Australia needed to move into a phase of consolidation now. Mike Hussey and Simon Katich did just that. While Hussey buckled down to ensure that Australia did not lose another wicket — scoring 5 off his first 22 balls — Simon Katich continued with positive intent without quite looking to belt the ball out of the park! Katich had 41 from 43 balls! This was good stuff from Katich.
Zaheer Khan replaced Ishant Sharma at this stage and Australia had reached 93-2 off 23 overs.
Simon Katich moved to 50 off 55 balls and took Australia’s score to 98-2. And the very next ball, Australia moved to 100 off 24.5 overs. Katich was playing well and once again proved his value to the team. Katich had made some impressive scores in this series but never converted his good starts to a big one. Perhaps this was his day?
India, I feel, was losing its grip on the game. Of course, Hussey and Katich were both batting brilliantly. No doubt about that. But I felt that Zaheer Khan was over bowled a bit here. While it was understandable that Ishant Sharma was given a long spell, it didn’t seem to make sense to leave Amit Mishra out of the attack, particularly since Zaheer Khan wasn’t really getting much reverse swing.
At the drinks break, Australia was 114-2 off 28.0 overs.
Harbhajan Singh was bowling reasonably well, but wasn’t getting much spin from the pitch! It would be interesting to see what Amit Mishra and Virender Sehwag are able to extract from this pitch.
Interestingly, Amit Mishra replaced Zaheer Khan after the Drinks break.
However, Zaheer Khan continued to bowl from the other end. It didn’t make much sense to me at all really although the ball was starting to reverse just that little bit. I’d have thought that we could have had Virender Sehwag for a few overs! The partnership between Hussey and Katich was already worth 50 runs! This was good batting from these two. The score reached 114-2.
Finally the Zaheer Khan persistence-folly was realised. Virender Sehwag was brought in!
But the Australian batsmen were playing really well and in an assured manner. The singles were coming all too easily and some singles were being converted into 2s too. So this was all quite easy for the Australians.
In my view, Amit Mishra seemed to have lost it a bit after his brilliant debut at Mohali. He seemed to have lost his wonderful flight and loop. Gone also was his googly. Here he seemed to pitch the ball too short too often.
India needed a few tight overs here. It was all too easy for the Australians, who had moved to 143-2.
Batting seemed to be all too easy for these two Australian left-handers. They were handling Sehwag and Mishra quite well. And what’s more? The scoreboard was ticking along quite nicely without too many risks being taken either. Every over had a few singles and every now and then there was a boundary too. Mishra and Sehwag weren’t able to pose too many threats though. The spin off the pitch was slow and innocuous. The partnership had prospered to 83 runs from 22 overs at a healthy run rate of 3.80 rpo.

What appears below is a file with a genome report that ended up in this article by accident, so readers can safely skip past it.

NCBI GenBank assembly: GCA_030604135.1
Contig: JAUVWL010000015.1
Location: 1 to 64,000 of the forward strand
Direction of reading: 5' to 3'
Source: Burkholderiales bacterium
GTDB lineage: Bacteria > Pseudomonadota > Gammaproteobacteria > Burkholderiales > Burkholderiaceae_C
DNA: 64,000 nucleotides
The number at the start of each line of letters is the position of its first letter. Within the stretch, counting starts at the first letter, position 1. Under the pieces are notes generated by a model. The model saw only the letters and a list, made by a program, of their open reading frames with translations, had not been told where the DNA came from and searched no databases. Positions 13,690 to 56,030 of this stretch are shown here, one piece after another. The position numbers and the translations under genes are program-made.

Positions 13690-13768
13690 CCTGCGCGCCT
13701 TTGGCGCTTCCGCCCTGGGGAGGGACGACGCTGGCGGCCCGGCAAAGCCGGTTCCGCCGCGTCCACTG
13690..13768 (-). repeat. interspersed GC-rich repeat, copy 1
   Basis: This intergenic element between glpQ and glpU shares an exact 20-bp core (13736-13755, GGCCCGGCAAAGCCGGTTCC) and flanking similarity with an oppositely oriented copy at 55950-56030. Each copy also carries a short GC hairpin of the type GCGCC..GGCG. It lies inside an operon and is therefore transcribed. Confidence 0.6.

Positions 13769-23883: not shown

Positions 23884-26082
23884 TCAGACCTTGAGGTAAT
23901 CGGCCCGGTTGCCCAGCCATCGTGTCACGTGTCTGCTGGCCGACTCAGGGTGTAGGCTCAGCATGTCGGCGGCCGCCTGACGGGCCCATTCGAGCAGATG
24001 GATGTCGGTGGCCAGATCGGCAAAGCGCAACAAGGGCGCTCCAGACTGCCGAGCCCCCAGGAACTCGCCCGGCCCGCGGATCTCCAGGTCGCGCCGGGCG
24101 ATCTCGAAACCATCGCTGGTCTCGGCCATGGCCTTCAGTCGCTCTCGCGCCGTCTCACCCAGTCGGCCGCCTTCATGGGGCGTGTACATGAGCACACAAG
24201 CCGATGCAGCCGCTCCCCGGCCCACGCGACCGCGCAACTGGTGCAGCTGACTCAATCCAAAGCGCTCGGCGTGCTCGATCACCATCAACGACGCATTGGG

At exactly 4.30pm IST, there were still 10 overs left to bowl in the days’ play. It was hard to know if this was mainly contributed by Australia’s terrible over rate.
India needed a change with the partnership having reached 97. With 7 overs left in the days’ play (22 mins), Harbhajan Singh came in for a bowl. His first ball was flat and at 85.0 kmph and his second was at 91.2 kmph! The field was spread out by then and the singles were there for the taking!
At the other end, Sachin Tendulkar came on for a bowl, replacing Amit Mishra. Off his first ball, a pulled 4 brought up the 100 partnership. Australia had moved to 177-2. This was good stuff from the Aussies.
Australia ended the day on 189-2. The Hussey-Katich partnership was worth 115 runs. The biggest worry for India would be that the Australians did it easily. There were no worries on the pitch. Most worryingly, though, was that Harbhajan Singh and Amit Mishra got minimal purchase from this pitch. India have much thinking to do tonight.
This was Australia’s session and the SBS Score reads: India-2.0, Australia-4.0;
Although it seems incredulous, I do believe Australia is ahead in this game, as reflected by the SBS Scores! Australia is 252 behind. There is a lot of cricket left in this match, but with Hussey and Katich batting well and with depth in the batting, Australia are ahead in this game!